Some focus on the effects of children who will be home for extended periods of times.
I read an opinion piece from the New York Times entitled “Welcome to Marriage During the Coronavirus: Remember both of you are right,” about the effects it will have on marriage, and I want to briefly comment on it.
The columnist, Jennifer Senior, wrote:
“The coronavirus may turn out to be the ultimate stress test for couples.”
Later in the piece, after expounding on the fact that partners in LTR’s often have “very different coping styles,” she offers the following suggestion:
“To keep our relationships sane, we’ll all need to turn to virtual communities of outsiders, whether it’s through work or FaceTime or virtual dinner parties…”
Much like the many jokes on Twitter by parents about their need for extra alcohol during the time their children are home, this take on the current situation, to me, is deeply fatalistic and emblematic of the state of marriage and the family today.
Frankly, if you view the idea of spending unexpected extra time with your spouse, as a “stress test,” and feel the need to talk to others on FaceTime to keep you “sane” then I would wager that there’s something profoundly wrong with that relationship.
During times of crisis and uncertainty, we should find comfort and strength in our spouses and children. The columnist focuses much attention on the fact that both spouses might have “stylistic differences” in coping styles during adversity. This, she posits, creates conflict, which will be exacerbated by time spent together over the coming weeks.
If that’s the case that’s a failure of communication, and possibly a failure of leadership on the husband’s part. I have dealt with several stressful situations in the past, including 9/11 and Hurricane Sandy, and I can say that my sole goal during both was to get home during to be with my family. I wanted to provide comfort for them and gain strength and extra resolve from them.
That’s my “coping style” during stressful situations. I draw nearer to my wife and children and seek to protect them, just as I’m doing now. By doing so, I gain strength.
Communicate with your spouse
Instead of looking at time spent with your spouse as a chore, simple mindset changes can help you see it as a blessing. If your marriage hasn’t been that great in recent times, now is a good time to fix it. You may never get this opportunity again to connect in ways not possible during the regular hustle and bustle of life.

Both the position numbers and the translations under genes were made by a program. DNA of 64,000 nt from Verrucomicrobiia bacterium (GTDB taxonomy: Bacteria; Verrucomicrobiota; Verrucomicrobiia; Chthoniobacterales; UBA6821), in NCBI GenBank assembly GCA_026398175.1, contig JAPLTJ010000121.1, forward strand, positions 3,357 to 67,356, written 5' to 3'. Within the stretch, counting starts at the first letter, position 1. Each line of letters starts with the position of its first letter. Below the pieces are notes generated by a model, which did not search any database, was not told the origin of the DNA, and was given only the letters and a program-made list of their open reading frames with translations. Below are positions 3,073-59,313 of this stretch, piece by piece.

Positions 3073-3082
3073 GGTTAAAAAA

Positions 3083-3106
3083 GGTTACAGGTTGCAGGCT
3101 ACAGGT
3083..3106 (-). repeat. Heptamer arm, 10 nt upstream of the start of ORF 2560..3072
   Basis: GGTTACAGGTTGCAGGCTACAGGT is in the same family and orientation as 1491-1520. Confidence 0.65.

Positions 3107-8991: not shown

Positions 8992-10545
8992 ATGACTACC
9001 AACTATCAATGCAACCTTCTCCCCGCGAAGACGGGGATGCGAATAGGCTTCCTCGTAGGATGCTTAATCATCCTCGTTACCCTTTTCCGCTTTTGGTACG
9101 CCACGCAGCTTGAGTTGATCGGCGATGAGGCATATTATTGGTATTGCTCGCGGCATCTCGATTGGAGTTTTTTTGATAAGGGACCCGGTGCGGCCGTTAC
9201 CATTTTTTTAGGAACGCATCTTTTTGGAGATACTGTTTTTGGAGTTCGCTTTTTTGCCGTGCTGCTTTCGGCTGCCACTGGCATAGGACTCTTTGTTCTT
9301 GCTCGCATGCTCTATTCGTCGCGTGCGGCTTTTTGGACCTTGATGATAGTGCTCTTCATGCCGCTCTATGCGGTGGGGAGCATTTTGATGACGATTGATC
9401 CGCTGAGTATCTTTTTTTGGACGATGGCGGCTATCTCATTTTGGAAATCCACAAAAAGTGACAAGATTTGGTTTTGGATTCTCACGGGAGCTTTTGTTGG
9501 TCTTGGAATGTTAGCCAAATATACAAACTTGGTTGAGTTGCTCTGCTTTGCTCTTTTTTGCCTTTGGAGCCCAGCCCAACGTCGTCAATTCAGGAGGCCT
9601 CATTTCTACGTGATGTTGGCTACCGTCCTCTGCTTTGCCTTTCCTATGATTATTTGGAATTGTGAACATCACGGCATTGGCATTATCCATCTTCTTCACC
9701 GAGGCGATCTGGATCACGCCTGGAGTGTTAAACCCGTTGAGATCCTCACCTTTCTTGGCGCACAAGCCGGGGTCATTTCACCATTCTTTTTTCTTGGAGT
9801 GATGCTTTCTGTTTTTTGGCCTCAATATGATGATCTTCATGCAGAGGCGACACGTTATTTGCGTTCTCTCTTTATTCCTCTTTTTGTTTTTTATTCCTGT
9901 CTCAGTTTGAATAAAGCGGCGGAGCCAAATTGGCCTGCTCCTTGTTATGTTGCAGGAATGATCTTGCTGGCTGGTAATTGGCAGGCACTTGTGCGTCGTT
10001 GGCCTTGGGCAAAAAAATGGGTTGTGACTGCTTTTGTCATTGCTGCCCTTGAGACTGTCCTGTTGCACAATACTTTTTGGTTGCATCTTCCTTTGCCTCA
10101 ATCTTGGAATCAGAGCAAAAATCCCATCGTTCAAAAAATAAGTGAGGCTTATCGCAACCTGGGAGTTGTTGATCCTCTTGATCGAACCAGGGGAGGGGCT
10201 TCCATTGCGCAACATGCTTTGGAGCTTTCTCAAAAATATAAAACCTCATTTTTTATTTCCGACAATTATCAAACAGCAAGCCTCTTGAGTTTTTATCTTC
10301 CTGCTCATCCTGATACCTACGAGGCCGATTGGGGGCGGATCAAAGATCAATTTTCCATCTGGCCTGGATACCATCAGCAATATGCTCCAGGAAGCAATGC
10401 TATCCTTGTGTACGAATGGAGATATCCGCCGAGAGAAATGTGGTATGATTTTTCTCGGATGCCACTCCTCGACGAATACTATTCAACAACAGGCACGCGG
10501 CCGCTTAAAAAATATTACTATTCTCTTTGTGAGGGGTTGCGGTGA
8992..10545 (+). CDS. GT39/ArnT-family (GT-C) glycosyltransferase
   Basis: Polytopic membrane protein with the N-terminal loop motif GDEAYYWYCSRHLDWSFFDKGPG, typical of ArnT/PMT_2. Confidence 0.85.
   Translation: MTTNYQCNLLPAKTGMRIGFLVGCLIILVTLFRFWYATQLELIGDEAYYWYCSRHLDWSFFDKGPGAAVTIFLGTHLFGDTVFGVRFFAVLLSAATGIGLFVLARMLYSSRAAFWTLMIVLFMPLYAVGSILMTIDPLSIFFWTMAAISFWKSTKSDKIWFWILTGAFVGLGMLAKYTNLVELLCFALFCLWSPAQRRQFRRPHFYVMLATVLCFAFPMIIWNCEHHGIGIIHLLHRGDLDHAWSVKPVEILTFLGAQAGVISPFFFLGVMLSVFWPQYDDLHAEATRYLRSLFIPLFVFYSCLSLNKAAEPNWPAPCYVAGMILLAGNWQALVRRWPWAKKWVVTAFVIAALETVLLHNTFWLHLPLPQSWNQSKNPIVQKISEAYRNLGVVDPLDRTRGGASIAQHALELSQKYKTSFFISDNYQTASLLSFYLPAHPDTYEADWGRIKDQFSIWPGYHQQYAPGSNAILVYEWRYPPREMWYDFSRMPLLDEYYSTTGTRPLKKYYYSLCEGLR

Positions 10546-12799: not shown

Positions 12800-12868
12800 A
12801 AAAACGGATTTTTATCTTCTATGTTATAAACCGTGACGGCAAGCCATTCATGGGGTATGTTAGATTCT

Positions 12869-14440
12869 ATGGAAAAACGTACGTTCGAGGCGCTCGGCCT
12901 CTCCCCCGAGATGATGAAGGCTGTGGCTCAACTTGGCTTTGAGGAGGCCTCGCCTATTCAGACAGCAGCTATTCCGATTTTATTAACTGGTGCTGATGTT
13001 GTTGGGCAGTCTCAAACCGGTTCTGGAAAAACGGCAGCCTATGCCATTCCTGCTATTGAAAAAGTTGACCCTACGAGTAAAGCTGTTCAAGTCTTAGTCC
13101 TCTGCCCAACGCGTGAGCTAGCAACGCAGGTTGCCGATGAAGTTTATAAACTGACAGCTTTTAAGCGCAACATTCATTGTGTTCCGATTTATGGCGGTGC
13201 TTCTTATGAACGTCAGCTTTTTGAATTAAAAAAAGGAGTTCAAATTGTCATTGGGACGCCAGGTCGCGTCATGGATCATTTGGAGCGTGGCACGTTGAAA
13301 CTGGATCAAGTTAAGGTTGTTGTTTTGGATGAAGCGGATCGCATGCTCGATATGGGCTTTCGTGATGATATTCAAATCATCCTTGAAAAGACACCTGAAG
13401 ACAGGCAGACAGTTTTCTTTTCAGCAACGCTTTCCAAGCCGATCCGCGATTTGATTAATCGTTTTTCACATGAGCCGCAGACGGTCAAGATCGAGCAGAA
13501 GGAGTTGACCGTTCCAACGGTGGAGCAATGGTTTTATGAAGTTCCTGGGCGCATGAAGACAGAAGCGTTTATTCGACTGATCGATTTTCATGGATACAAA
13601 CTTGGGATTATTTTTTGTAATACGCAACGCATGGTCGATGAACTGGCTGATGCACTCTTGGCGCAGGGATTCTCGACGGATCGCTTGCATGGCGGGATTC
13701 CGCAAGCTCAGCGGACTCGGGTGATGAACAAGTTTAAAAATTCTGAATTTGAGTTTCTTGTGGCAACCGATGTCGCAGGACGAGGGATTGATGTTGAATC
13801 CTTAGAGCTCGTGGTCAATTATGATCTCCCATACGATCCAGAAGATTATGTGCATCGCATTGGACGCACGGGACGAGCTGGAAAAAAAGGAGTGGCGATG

Truly get to know each other.
One way of doing it that I have found to be effective is to pick a different topic to discuss each day. One book that’s helpful to get conversations started on topics you might not otherwise talk about during everyday life is: Questions for Couples: 469 Thought-Provoking Conversation Starters for Connecting, Building Trust, and Rekindling Intimacy.
My wife and I have used this book to effectively spark conversations about a variety of topics. The best way to do it is to randomly pick a question (they are numbered) the night before by using a random number generator online, so there’s no bias about the type of question to be considered. By doing this, both of you have the whole night to ponder the next day’s question. Then, use the following day to talk it through. I guarantee you will learn new things about how your partner thinks by doing this.
Depending on your at-home work schedules and the kids’ schedules, you can pick a time to sit down alone and discuss, perhaps over a glass of wine, or you can discuss it in snippets throughout the day.
Then, repeat the process with a new question the following day.
It’s easy as a married couple to find ourselves always talking about the same things. This is particularly true when you have children since the default discussion topic often becomes the children.
Using a book like Questions for Couples helps break you out of the routine. It could also have the added benefit of taking your mind, for a bit, off the events taking place in the world. The fact is what’s happening outside of our front doors is all out of our direct control, so we have to do our best to let events happen and view this time together as a blessing and an opportunity to connect in new ways.
If the prospect of spending a few weeks cooped up in a house together with your spouse creates a sense of dread and you feel the overwhelming need to FaceTime with other people, perhaps now is the time to work on that, and discuss what’s wrong.
This is certainly a stressful time for all, and the world is changing in ways we couldn’t have imagined a few weeks ago. Embrace this time to connect deeply with your spouse. Times of great uncertainty out of your control should bring you closer, not drive you apart.